• Use a condom (male or female)
correctly and consistently when
they have sex to prevent the
transmission of most STIs
including HIV
• Discuss with their partner before
they have sex how they will both
protect themselves
• Have a routine check up at a
sexual health clinic
If your son or daughter or their
partner has symptoms or think they
might have an infection tell them to
seek advice before they have any
more sex. If they have an infection
ask them to tell their partner so they
can be treated too.
Where to go for help and advice
Sexual health clinics specialise
in diagnosing and treating all
Most large hospitals have a sexual
health clinic. You can find details of
your nearest clinic by:
• calling the fpa’s helpline on 0845
310 1334
• looking in the phone book under
genitourinary medicine, STD or VD
• calling the National AIDS helpline
on 0800 567 123 (24hrs)
• calling NHS Direct on 0845 46 47
• check
Protecting your child from
Disabled children and young adults
may be more vulnerable to abuse.
Their need for sex education and an
understanding of appropriate 'touch’
is essential because:
• They may rely on intimate care
and assistance with using the
toilet and getting dressed etc.
• They may have less
understanding about ‘personal’
and ‘private’ parts of the body
through learning difficulties
• They may have less
understanding about ‘personal’
and ‘private’ parts of the body
Try to make sure that your child
understands as much as they
can about love and sex and the
difference between wanting to touch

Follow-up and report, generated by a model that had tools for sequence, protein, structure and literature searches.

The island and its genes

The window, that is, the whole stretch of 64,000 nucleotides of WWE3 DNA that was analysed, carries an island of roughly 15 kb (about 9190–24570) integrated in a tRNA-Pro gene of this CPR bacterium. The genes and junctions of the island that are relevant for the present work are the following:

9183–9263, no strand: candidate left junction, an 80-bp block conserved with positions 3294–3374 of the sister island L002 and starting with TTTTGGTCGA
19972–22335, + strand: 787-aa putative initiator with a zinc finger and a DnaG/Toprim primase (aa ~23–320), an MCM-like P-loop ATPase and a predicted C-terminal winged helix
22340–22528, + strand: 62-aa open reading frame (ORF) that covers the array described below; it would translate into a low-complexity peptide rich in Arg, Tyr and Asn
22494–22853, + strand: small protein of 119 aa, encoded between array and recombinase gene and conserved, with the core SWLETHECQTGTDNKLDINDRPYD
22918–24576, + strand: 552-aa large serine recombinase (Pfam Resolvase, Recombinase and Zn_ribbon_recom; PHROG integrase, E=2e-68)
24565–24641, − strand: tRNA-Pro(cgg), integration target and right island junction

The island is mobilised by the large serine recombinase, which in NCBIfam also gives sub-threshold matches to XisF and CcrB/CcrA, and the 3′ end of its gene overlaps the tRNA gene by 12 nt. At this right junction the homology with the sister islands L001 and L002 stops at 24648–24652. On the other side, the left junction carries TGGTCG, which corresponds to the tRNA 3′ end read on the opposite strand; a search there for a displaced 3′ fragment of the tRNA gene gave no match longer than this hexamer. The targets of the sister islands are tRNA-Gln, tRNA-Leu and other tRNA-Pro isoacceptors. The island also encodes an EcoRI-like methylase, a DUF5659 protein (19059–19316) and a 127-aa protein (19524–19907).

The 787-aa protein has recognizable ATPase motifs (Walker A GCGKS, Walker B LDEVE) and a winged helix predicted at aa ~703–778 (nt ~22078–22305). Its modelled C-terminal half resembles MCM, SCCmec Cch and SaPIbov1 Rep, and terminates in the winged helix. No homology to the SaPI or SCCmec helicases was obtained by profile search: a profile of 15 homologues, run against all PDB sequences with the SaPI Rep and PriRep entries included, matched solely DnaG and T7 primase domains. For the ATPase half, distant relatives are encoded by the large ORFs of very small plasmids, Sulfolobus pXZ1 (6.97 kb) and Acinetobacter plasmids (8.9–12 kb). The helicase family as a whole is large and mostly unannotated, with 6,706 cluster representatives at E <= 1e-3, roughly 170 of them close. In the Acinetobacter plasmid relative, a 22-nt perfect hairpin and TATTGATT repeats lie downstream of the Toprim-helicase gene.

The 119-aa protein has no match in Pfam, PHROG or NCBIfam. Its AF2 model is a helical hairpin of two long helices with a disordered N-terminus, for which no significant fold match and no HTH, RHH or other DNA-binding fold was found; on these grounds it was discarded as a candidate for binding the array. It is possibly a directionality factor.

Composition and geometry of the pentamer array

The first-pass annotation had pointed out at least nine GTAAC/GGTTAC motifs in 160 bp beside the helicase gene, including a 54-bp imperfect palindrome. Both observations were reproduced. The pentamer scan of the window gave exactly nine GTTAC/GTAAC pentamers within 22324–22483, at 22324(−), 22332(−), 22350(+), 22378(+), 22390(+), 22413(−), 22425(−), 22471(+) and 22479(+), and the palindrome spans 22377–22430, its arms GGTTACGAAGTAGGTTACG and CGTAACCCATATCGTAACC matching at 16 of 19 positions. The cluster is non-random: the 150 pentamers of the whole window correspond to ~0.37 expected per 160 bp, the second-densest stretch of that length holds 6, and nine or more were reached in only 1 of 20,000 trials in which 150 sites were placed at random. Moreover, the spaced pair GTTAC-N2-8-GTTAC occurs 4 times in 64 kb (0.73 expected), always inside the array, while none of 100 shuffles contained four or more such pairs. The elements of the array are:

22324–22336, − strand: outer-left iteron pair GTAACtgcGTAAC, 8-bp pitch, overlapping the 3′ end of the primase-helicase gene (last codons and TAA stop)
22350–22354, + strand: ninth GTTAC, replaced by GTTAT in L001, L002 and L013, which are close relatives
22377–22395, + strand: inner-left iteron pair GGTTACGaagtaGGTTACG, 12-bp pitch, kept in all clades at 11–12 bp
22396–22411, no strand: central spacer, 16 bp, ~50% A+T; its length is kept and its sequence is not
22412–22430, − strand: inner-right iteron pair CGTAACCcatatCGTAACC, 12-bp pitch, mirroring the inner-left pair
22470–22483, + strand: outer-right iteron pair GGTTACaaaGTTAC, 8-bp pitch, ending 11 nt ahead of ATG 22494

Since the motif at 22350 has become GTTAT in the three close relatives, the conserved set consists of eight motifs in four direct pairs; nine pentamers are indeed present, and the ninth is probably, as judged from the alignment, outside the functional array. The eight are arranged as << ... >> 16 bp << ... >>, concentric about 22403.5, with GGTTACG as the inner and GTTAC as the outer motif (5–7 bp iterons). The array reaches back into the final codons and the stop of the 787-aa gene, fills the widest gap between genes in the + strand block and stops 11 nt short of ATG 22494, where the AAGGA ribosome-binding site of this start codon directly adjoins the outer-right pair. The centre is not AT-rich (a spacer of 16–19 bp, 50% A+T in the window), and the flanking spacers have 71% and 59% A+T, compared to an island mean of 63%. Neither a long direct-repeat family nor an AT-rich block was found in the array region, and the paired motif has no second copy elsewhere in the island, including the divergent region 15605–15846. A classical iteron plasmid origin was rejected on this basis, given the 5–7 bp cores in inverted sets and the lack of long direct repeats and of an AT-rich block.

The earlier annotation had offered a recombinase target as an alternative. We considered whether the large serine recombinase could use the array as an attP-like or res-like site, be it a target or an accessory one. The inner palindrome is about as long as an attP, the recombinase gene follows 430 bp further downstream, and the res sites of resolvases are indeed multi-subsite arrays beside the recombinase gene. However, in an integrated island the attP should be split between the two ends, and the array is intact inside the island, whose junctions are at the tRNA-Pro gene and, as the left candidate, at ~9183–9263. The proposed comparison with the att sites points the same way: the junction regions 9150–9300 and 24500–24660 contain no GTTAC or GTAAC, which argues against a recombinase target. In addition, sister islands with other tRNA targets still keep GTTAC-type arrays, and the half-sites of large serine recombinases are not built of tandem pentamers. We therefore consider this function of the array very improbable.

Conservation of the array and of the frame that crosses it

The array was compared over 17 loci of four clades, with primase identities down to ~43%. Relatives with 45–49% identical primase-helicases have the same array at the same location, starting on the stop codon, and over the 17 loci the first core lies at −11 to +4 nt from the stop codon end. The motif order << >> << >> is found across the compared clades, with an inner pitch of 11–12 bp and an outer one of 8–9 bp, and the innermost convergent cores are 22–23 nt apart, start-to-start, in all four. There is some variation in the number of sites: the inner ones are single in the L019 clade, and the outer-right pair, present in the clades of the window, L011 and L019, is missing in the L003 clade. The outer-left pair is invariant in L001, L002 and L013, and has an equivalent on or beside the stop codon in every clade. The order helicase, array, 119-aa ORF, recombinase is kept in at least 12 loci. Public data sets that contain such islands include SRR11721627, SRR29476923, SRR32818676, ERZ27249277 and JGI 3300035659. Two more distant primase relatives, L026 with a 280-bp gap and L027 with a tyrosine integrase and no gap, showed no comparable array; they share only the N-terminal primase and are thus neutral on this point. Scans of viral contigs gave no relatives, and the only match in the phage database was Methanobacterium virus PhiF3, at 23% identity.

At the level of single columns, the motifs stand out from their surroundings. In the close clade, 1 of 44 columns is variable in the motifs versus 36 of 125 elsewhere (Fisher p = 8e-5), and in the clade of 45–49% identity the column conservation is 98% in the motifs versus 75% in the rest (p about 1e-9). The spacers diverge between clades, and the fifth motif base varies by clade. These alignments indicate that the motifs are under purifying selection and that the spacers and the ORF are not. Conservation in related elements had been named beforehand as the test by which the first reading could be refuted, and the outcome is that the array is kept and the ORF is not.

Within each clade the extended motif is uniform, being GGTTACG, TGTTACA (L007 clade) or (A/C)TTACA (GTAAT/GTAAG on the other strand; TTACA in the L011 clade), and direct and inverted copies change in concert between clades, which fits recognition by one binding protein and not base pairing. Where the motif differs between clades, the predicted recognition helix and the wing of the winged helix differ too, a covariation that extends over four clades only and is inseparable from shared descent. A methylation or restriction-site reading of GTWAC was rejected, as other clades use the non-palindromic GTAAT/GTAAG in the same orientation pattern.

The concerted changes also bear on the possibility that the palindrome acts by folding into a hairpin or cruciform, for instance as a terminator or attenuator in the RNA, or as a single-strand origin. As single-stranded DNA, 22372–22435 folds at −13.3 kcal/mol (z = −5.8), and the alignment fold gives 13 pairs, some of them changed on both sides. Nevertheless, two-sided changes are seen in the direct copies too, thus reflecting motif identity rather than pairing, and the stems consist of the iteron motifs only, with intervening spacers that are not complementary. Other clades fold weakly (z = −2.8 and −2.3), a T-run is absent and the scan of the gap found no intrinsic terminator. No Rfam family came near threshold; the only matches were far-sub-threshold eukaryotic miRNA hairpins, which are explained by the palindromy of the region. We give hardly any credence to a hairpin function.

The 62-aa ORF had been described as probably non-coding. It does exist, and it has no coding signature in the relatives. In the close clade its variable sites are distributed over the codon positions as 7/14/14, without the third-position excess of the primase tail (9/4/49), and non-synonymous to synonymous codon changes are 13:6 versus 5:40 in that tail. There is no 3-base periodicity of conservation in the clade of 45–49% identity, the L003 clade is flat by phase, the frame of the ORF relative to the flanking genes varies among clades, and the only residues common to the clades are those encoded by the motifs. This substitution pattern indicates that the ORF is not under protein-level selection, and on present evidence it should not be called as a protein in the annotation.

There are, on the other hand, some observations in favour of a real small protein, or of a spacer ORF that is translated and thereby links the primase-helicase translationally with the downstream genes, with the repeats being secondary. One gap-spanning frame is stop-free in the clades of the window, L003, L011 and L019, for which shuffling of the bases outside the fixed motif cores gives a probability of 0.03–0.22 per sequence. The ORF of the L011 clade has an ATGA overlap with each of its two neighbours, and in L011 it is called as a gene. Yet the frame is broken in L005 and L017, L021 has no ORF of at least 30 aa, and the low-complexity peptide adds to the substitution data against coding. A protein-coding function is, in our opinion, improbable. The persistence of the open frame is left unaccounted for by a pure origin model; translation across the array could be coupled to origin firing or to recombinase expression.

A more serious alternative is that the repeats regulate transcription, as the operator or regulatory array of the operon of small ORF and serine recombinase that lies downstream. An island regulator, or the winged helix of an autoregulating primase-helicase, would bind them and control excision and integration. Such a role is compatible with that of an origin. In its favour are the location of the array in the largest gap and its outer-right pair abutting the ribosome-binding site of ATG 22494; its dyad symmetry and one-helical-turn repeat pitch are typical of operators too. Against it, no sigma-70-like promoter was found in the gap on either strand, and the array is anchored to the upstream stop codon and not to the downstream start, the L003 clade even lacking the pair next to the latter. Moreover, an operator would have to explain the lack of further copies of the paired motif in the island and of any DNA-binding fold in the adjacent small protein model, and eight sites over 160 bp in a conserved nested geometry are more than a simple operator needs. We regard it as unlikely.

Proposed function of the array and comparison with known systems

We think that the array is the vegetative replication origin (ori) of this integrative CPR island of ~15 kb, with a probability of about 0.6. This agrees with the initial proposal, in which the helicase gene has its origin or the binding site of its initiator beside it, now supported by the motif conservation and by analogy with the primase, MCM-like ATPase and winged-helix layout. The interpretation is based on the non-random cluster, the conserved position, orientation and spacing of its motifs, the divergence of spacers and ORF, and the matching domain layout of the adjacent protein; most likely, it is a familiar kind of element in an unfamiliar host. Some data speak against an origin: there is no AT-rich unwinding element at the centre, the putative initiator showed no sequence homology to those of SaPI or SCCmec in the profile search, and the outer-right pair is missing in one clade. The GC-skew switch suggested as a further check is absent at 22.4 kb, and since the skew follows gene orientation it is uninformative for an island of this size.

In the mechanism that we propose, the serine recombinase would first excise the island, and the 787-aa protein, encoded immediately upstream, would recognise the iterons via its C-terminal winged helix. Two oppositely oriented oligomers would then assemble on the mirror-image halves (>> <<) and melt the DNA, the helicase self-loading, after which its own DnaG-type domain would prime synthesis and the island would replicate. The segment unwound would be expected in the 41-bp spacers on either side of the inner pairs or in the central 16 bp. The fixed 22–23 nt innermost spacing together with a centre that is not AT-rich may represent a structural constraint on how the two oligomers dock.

and kiss someone and being made
to do something that feels wrong
or scary.
Discuss with them openly how they
might handle a situation where they
feel uncomfortable, rehearse and
role-play – practice shouting `NO’
and calling for help. Be open about
discussing who a child or young
person might turn to if they are
frightened or worried – their parents,
a teacher, a policeman, a bus driver,
a lifeguard, depending on where
they are at the time.
Don’t overestimate the risks yourself
and overprotect your child as a
result. It is still thankfully very rare
for children to experience abuse or
assault by a stranger. Arm them with
the confidence, knowledge and
skills to protect themselves and then
let them enjoy exploring all that life
has to offer.
section four:
sex and relationship education
at school
A false debate is often presented as to whether parents or schools should be responsible for
sex and relationship education. In reality both have an important role.
Whilst special schools usually have considerable expertise in teaching SRE in a way that is
inclusive and sensitive to the needs and experience of disabled pupils, children with disabilities
increasingly attend mainstream schools.
‘Sex and Relationship
Education at school was
non-existent, they didn’t
think disabled people
should be having sexual
Young disabled people have the
same rights to education and
information, to dignity and respect,